Please use this identifier to cite or link to this item: https://doi.org/10.1096/fj.11-202663
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dc.titleMacrophage-stimulating protein and calcium homeostasis in zebrafish
dc.contributor.authorHuitema, L.F.A.
dc.contributor.authorRenn, J.
dc.contributor.authorLogister, I.
dc.contributor.authorGray, J.K.
dc.contributor.authorWaltz, S.E.
dc.contributor.authorFlik, G.
dc.contributor.authorSchulte-Merker, S.
dc.date.accessioned2014-10-27T08:32:57Z
dc.date.available2014-10-27T08:32:57Z
dc.date.issued2012-10
dc.identifier.citationHuitema, L.F.A., Renn, J., Logister, I., Gray, J.K., Waltz, S.E., Flik, G., Schulte-Merker, S. (2012-10). Macrophage-stimulating protein and calcium homeostasis in zebrafish. FASEB Journal 26 (10) : 4092-4101. ScholarBank@NUS Repository. https://doi.org/10.1096/fj.11-202663
dc.identifier.issn15306860
dc.identifier.urihttp://scholarbank.nus.edu.sg/handle/10635/101047
dc.description.abstractTo systematically identify novel gene functions essential for osteogenesis and skeletal mineralization, we performed a forward genetic mutagenesis screen in zebrafish and isolated a mutant that showed delayed skeletal mineralization. Analysis of the mutant phenotype in an osterix:nuclear-GFP transgenic background demonstrated that mutants contain osterix-expressing osteoblasts comparable to wild-type embryos. Positional cloning revealed a premature stop mutation in the macrophage-stimulating protein (msp) gene, predicted to result in a biologically inactive protein. Analysis of the embryonic expression pattern for the receptor for Msp, Ron, shows specific expression in the corpuscles of Stannius, a teleost-specific organ that produces stanniocalcin, a pivotal hormone in fish calcium homeostasis. Knockdown of Ron resulted in identical phenotypes as observed in msp mutants. Msp mutant embryos could be rescued by excess calcium. Consistent with a role for Msp/Ron in calcium homeostasis, calcium-regulating factors, such as pth1, pth2, stc1l, and trpv5/6 were significantly affected in msp mutant larvae. While Msp and Ron have previously been shown to play a critical role in a wide variety of biological processes, we introduce here the Msp/Ron signaling axis as a previously unappreciated player in calcium homeostasis and embryonic skeletal mineralization. © FASEB.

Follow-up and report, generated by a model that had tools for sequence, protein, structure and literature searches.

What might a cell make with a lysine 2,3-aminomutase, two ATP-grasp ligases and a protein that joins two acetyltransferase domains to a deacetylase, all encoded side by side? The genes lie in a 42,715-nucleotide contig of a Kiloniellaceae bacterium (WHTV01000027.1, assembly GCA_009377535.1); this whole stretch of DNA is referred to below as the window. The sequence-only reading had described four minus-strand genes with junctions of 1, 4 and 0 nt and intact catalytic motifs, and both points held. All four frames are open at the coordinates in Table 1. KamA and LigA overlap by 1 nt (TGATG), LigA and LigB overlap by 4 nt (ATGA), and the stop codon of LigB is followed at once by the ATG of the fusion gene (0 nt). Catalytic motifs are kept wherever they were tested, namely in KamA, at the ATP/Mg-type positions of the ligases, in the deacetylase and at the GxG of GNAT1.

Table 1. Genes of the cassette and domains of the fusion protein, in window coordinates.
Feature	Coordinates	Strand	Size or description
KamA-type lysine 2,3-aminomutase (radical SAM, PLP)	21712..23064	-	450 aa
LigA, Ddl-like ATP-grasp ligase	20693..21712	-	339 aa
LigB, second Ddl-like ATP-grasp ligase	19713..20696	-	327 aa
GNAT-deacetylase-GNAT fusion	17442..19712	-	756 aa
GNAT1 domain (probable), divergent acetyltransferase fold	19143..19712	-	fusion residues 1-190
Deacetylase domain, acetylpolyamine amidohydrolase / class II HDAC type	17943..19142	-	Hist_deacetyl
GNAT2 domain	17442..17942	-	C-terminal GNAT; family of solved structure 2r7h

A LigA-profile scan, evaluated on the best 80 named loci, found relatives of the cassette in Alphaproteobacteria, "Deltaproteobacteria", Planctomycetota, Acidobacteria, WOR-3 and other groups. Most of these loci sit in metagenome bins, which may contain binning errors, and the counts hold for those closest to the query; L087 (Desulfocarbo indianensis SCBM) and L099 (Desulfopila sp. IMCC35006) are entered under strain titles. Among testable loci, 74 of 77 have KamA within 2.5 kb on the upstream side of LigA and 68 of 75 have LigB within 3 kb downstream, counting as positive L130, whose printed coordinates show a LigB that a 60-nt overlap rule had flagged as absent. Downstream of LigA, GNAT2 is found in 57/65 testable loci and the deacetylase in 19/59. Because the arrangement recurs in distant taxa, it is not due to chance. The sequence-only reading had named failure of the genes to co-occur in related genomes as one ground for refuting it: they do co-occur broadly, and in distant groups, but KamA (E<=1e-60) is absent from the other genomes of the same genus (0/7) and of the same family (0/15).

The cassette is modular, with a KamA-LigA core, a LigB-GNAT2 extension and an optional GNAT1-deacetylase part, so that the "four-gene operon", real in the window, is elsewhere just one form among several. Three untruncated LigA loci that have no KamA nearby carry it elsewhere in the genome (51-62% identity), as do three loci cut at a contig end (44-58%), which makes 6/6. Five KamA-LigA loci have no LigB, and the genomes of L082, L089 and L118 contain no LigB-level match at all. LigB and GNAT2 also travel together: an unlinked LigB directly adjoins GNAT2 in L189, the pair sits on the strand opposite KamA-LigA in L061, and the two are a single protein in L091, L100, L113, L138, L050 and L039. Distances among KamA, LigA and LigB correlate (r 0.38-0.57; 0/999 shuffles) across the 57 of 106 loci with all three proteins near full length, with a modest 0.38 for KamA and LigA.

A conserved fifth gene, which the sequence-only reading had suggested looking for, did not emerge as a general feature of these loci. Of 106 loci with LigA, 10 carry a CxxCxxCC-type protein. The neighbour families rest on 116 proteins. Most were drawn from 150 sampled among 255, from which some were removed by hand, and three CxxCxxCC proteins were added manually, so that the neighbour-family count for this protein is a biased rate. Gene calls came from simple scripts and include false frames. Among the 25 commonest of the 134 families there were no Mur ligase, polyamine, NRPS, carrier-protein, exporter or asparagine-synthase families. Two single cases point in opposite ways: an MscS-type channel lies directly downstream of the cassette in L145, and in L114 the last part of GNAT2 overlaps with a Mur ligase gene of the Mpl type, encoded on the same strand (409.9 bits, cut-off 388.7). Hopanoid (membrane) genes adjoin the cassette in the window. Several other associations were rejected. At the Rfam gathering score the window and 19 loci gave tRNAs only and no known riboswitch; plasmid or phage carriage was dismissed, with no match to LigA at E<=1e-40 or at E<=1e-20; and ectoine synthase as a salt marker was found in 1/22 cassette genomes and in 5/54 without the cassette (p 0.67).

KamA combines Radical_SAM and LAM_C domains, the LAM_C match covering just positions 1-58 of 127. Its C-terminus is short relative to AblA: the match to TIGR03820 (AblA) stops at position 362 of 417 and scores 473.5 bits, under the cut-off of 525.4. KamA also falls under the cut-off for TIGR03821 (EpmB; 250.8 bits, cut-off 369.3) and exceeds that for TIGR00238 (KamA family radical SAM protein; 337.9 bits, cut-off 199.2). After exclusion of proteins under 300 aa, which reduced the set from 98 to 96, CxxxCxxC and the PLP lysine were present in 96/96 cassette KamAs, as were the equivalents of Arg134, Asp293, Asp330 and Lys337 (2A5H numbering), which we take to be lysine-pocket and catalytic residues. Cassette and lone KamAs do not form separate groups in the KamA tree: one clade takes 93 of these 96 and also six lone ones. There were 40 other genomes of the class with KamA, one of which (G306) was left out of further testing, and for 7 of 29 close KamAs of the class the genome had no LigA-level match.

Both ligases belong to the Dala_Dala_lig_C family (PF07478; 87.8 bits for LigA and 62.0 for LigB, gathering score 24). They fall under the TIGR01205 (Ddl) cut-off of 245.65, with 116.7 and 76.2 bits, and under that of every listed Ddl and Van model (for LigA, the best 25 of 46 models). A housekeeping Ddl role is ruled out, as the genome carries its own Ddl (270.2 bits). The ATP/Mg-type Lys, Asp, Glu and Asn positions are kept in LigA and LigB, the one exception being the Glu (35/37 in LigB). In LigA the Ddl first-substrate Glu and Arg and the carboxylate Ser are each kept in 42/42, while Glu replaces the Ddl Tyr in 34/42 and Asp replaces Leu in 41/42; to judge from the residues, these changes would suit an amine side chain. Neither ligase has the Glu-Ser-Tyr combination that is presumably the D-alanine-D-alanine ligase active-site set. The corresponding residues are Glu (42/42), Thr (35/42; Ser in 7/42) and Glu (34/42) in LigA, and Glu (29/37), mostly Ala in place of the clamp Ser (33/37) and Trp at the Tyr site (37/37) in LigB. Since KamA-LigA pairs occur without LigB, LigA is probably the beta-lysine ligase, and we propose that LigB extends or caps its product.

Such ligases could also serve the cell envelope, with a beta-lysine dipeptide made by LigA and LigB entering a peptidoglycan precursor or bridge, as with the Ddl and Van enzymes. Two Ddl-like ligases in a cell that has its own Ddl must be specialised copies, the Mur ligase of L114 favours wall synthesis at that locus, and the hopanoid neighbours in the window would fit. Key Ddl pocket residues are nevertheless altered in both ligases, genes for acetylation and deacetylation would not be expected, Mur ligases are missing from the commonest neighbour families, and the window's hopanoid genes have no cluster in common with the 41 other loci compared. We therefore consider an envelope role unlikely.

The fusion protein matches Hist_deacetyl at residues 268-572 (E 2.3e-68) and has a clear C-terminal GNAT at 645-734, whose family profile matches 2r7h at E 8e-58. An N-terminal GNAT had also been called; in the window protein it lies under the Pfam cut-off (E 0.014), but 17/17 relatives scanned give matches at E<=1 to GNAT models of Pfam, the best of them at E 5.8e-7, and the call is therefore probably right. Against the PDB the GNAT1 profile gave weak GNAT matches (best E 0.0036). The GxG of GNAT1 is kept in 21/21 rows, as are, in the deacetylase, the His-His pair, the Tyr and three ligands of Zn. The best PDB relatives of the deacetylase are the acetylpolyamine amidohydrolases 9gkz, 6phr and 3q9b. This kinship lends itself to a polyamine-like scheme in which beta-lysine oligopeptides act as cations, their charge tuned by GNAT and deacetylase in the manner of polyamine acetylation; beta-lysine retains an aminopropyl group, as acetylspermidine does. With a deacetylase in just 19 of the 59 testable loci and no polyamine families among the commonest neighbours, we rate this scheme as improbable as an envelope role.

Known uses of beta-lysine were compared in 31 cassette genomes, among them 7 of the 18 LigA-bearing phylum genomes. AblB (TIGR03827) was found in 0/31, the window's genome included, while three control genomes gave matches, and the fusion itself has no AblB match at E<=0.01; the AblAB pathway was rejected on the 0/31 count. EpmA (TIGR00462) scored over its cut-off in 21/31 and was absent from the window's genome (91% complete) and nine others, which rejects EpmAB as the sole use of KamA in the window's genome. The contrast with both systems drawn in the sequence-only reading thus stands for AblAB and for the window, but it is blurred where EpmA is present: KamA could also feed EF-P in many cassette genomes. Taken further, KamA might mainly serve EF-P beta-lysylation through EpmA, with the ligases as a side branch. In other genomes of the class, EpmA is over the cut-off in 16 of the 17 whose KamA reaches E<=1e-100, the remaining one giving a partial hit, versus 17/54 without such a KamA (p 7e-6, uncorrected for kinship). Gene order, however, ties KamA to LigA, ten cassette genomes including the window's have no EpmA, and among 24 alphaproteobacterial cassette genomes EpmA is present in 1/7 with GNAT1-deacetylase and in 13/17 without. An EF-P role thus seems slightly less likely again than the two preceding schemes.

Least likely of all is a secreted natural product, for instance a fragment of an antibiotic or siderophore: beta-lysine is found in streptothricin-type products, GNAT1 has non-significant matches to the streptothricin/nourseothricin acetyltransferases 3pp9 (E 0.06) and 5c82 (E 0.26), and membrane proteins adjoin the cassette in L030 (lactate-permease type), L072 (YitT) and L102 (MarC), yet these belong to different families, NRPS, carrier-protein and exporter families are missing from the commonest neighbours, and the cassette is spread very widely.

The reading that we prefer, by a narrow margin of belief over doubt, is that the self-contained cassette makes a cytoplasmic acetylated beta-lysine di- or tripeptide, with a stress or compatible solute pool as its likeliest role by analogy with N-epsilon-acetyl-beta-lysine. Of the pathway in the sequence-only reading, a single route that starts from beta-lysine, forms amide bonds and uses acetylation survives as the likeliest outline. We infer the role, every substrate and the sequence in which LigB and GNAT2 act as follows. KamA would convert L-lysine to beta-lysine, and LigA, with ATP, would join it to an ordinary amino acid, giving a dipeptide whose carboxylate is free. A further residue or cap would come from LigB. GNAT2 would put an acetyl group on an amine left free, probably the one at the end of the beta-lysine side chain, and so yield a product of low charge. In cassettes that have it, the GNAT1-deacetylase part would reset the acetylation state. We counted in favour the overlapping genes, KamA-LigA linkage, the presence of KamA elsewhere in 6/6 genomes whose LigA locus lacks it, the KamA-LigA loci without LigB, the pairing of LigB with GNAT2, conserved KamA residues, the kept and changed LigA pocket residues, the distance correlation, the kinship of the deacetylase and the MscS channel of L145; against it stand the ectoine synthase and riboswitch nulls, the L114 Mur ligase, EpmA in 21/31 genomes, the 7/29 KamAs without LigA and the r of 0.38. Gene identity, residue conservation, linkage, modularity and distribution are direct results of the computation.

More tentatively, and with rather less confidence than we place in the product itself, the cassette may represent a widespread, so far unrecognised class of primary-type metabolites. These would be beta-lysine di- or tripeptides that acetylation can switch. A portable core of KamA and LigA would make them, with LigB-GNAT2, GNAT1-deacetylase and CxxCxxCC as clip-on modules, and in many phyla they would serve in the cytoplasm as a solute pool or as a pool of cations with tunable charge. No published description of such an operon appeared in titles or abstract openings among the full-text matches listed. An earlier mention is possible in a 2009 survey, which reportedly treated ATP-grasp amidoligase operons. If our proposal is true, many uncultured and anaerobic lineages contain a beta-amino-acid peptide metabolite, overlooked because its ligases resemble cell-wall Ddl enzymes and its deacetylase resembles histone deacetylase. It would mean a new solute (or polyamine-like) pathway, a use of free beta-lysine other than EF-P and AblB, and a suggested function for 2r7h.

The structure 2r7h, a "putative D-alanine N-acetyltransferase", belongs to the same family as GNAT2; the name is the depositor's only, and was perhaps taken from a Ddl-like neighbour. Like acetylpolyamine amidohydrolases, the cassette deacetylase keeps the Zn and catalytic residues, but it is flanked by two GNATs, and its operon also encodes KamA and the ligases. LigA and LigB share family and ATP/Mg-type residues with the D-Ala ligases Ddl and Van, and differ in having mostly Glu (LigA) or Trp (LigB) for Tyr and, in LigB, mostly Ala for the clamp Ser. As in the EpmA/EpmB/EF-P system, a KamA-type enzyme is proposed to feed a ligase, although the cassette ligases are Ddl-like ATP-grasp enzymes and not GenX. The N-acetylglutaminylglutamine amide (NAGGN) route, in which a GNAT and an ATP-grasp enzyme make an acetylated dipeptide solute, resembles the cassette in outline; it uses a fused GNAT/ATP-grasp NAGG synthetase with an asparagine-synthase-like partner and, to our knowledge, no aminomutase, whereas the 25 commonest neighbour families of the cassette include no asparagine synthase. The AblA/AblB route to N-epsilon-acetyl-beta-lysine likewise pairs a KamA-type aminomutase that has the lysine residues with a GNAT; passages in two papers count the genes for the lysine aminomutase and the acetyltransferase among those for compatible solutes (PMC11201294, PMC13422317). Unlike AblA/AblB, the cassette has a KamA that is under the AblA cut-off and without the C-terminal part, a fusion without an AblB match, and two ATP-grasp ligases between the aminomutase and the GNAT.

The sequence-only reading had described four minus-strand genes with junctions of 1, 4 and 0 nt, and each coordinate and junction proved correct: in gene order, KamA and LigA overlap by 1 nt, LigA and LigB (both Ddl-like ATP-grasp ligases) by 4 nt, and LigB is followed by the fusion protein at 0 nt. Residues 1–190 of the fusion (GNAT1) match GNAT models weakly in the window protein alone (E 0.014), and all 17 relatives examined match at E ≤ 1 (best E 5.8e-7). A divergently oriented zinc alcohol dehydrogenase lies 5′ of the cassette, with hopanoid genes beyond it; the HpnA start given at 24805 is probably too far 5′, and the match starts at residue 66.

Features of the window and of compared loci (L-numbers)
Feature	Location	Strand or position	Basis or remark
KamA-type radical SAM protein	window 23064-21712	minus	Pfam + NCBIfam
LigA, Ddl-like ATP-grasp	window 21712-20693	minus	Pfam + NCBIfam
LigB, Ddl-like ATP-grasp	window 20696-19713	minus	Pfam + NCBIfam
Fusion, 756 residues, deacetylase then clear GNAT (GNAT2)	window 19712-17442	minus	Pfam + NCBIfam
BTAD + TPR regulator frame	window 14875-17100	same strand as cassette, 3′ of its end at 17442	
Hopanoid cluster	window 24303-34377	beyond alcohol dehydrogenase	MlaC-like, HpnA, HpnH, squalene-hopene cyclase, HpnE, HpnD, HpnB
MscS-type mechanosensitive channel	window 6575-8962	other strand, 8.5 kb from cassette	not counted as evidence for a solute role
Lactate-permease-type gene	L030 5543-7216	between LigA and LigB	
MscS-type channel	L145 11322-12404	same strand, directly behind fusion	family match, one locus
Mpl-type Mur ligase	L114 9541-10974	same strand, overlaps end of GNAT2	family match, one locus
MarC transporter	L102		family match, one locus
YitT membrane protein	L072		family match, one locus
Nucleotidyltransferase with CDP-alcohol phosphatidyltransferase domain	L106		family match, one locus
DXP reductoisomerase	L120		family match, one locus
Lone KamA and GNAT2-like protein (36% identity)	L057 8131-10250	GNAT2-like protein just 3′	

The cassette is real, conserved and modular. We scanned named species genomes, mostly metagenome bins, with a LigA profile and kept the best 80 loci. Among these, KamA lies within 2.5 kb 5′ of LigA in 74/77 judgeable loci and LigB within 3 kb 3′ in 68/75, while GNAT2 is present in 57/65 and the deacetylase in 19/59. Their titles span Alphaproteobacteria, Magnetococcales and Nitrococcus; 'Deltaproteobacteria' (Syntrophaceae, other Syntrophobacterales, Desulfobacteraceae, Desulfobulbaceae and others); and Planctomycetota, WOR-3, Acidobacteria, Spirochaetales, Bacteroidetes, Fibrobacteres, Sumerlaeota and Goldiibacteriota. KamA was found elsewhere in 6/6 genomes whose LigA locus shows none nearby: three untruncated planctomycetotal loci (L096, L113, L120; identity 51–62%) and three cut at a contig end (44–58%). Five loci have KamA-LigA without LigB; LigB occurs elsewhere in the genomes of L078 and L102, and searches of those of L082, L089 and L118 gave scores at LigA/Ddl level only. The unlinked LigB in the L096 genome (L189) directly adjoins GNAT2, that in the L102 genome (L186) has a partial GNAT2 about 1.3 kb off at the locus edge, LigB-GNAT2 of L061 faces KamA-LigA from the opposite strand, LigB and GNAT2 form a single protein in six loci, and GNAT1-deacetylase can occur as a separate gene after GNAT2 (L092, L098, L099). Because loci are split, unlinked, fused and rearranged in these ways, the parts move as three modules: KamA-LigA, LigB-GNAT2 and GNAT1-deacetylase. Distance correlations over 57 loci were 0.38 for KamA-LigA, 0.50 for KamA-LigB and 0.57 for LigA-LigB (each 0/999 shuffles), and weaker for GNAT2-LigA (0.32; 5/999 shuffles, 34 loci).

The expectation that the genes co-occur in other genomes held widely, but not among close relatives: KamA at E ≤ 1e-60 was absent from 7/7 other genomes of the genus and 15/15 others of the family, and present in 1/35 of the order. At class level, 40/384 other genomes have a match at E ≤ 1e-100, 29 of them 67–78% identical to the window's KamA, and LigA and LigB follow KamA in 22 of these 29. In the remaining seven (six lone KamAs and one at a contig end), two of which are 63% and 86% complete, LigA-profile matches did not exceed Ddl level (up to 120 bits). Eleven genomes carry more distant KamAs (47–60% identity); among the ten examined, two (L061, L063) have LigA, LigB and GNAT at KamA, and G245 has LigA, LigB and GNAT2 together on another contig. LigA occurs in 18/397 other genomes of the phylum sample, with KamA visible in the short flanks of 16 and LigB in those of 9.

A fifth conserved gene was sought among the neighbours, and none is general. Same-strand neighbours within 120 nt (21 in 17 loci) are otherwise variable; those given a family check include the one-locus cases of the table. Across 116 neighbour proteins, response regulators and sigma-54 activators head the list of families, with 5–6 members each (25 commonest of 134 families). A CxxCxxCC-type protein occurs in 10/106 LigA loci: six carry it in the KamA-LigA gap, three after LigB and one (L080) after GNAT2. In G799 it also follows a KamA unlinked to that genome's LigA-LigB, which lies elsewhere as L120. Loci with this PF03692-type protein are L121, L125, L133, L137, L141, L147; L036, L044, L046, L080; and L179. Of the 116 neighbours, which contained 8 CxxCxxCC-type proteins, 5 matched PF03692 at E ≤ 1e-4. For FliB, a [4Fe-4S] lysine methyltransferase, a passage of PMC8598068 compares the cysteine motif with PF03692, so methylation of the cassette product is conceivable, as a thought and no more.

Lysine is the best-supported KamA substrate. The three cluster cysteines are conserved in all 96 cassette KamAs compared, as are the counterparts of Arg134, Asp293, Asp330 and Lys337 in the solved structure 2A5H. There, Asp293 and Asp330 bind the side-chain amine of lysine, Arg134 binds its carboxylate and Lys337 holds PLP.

dc.description.urihttp://libproxy1.nus.edu.sg/login?url=http://dx.doi.org/10.1096/fj.11-202663
dc.sourceScopus
dc.subjectBone
dc.subjectMineralization
dc.subjectMsp
dc.subjectOsteogenesis
dc.subjectRon
dc.subjectStanniocalcin
dc.typeArticle
dc.contributor.departmentBIOLOGICAL SCIENCES
dc.description.doi10.1096/fj.11-202663
dc.description.sourcetitleFASEB Journal
dc.description.volume26
dc.description.issue10
dc.description.page4092-4101
dc.description.codenFAJOE
dc.identifier.isiut000309704000016
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